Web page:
Our survey revealed that personalized offers provide the kind of care that these consumer communities want from brands. More than 58% of nurses, first responders, teachers, seniors, and the military said personalized offers made them feel “valued.” And across all consumer communities, two-thirds or more said the offers made them feel “thankful.”

The survey also suggests that these consumers aren’t just looking for a great deal. Less than one in three consumers across all communities said the personalized offers made them feel “excited.”

A chart displaying how a personalized offer would make each of the consumer tribes feel.

Consumers Want Meaningful Promotions

The consumers we surveyed were most drawn to personalized offers that provide tangible value. More than 60% of all groups said free shipping had the greatest appeal, and that number was even higher for students (65%), seniors (69%), and Teachers (68%). 

More than half of all consumers said 20% off a purchase was the most appealing. BOGO was most popular among nurses (54%), seniors (52%) and the military (54%). And a free gift was the promotion most desired by college students (54%) and nurses (53%). 

The promotions that didn’t appeal to consumers were just as noteworthy. Less than one-third of all respondents wanted upgraded loyalty status and additional customer service. And only 32% chose VIP experience. When it comes to making consumers feel supported, substance matters.

A chart displaying the kinds of offers each consumer tribe would find most appealing.

How Personalized Offers Impact Consumer Engagement 

Providing a personalized offer to the groups hardest hit by the pandemic doesn’t just make them feel cared for, it can launch a new brand relationship. 

One-third or more of all consumer communities said receiving a personalized offer would make them purchase from a brand they hadn’t shopped with before, with an even greater number of nurses (47%) and teachers (44%) saying it would trigger this response. 

Personalized offers can also deepen their relationship with a brand. More than half of all the consumer communities said receiving a personalized offer would make them shop at a brand more frequently.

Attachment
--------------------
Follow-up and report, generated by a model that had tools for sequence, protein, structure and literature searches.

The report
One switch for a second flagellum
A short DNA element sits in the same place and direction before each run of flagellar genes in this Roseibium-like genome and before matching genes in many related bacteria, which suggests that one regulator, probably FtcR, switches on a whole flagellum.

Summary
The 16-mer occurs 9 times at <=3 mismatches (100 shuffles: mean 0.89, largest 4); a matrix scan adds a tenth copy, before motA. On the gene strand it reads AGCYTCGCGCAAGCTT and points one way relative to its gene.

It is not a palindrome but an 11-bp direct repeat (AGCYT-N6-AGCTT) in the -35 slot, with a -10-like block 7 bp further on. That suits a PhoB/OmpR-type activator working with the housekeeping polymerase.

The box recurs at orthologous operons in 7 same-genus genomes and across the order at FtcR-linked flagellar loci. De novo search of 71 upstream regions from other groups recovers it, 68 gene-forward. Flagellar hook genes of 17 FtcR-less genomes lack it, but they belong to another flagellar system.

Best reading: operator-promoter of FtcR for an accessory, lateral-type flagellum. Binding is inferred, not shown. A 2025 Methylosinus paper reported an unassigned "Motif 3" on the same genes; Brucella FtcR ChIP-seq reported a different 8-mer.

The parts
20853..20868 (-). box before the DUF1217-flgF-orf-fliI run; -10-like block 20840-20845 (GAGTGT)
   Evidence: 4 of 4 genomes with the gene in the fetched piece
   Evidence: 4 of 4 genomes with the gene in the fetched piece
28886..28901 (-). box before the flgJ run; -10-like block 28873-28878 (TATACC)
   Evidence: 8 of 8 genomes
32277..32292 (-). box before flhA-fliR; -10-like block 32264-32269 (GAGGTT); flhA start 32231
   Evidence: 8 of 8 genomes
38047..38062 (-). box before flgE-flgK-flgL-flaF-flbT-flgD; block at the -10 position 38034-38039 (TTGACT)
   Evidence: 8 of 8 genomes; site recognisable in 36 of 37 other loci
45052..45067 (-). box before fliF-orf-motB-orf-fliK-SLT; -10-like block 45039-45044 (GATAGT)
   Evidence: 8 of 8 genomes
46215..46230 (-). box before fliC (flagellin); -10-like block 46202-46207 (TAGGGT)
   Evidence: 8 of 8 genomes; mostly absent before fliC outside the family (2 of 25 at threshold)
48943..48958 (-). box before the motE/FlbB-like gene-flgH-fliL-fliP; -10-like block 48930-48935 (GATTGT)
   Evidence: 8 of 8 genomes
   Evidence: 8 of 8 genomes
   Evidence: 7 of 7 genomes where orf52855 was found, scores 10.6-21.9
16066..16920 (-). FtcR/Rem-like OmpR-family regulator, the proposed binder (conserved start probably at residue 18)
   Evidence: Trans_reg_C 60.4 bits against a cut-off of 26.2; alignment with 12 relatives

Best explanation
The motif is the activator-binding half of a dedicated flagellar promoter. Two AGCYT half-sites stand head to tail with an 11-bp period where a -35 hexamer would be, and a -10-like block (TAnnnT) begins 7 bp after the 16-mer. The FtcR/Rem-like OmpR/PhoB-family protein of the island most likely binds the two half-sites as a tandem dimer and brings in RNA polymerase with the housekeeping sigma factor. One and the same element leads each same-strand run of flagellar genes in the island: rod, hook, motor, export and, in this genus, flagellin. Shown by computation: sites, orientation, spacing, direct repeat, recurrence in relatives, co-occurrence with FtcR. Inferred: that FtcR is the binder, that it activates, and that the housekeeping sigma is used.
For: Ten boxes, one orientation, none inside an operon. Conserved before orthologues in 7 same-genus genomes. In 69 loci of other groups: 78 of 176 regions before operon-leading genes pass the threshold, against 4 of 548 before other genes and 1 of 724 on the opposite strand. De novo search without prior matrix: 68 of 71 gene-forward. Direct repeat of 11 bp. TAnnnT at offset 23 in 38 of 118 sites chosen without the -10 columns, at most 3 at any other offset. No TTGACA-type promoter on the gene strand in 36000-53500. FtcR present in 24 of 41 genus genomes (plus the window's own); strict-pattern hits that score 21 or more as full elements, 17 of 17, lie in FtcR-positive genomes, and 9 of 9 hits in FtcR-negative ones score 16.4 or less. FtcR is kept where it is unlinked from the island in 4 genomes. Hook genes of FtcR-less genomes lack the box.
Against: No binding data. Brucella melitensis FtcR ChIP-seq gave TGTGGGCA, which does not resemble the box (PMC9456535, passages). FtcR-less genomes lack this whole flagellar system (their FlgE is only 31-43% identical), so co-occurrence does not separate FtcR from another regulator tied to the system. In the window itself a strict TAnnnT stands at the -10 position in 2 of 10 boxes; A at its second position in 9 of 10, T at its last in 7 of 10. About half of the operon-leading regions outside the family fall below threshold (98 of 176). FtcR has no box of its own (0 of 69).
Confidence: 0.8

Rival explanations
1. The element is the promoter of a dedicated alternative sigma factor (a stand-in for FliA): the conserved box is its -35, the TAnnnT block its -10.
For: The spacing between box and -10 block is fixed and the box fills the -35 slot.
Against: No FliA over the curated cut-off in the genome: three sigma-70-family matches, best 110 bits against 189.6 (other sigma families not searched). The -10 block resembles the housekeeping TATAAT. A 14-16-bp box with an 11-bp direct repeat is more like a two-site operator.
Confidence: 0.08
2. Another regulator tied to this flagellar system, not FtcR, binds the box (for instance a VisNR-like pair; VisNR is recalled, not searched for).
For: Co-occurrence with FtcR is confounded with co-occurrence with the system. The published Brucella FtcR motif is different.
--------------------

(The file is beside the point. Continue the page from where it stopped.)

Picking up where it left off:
And a personalized offer can inspire consumers to elevate a brand. More than 60% of all consumer communities said a personalized offer would make them promote that brand to friends and family.

A chart displaying how a personalized offer would impact each of the consumer tribes.

Personalized Offers and Helping Others 

The consumer communities we surveyed have strong networks. Members of these groups look out for each other, and when something like a personalized offer comes their way, they want to be sure it benefits their entire group. 

Our survey revealed that after receiving a personalized offer, more than 90% of all the consumer communities would share it with others they knew were eligible for it. 

The channels they would use varied, but a majority of nearly all the consumer communities said they would share their personalized offer by text and through social media. The one exception was seniors. Their preferred method was to forward an email (59%). 

And even with social distancing, these groups are connecting live. More than one-third of all consumer communities also said they would share a personalized offer in person, with an even higher percentage of first responders (52%) and nurses (54%) using that means of exchange.

Acting with Compassion and Purpose Will Last

In times of uncertainty, consumers want brands to deliver experiences that meet their new needs with empathy, care, and concern. And for the consumer communities most impacted by the coronavirus, these feelings are even more acute. 

Brands that want to make a difference to these groups need to show up for them directly with programs that say “We see you—the work you’re doing and the unique struggles you face. And we want to help.”

Companies that offer this support in ways that have real value won’t just stand out to these consumers now, they’ll be the ones these consumers turn to when the crisis has passed.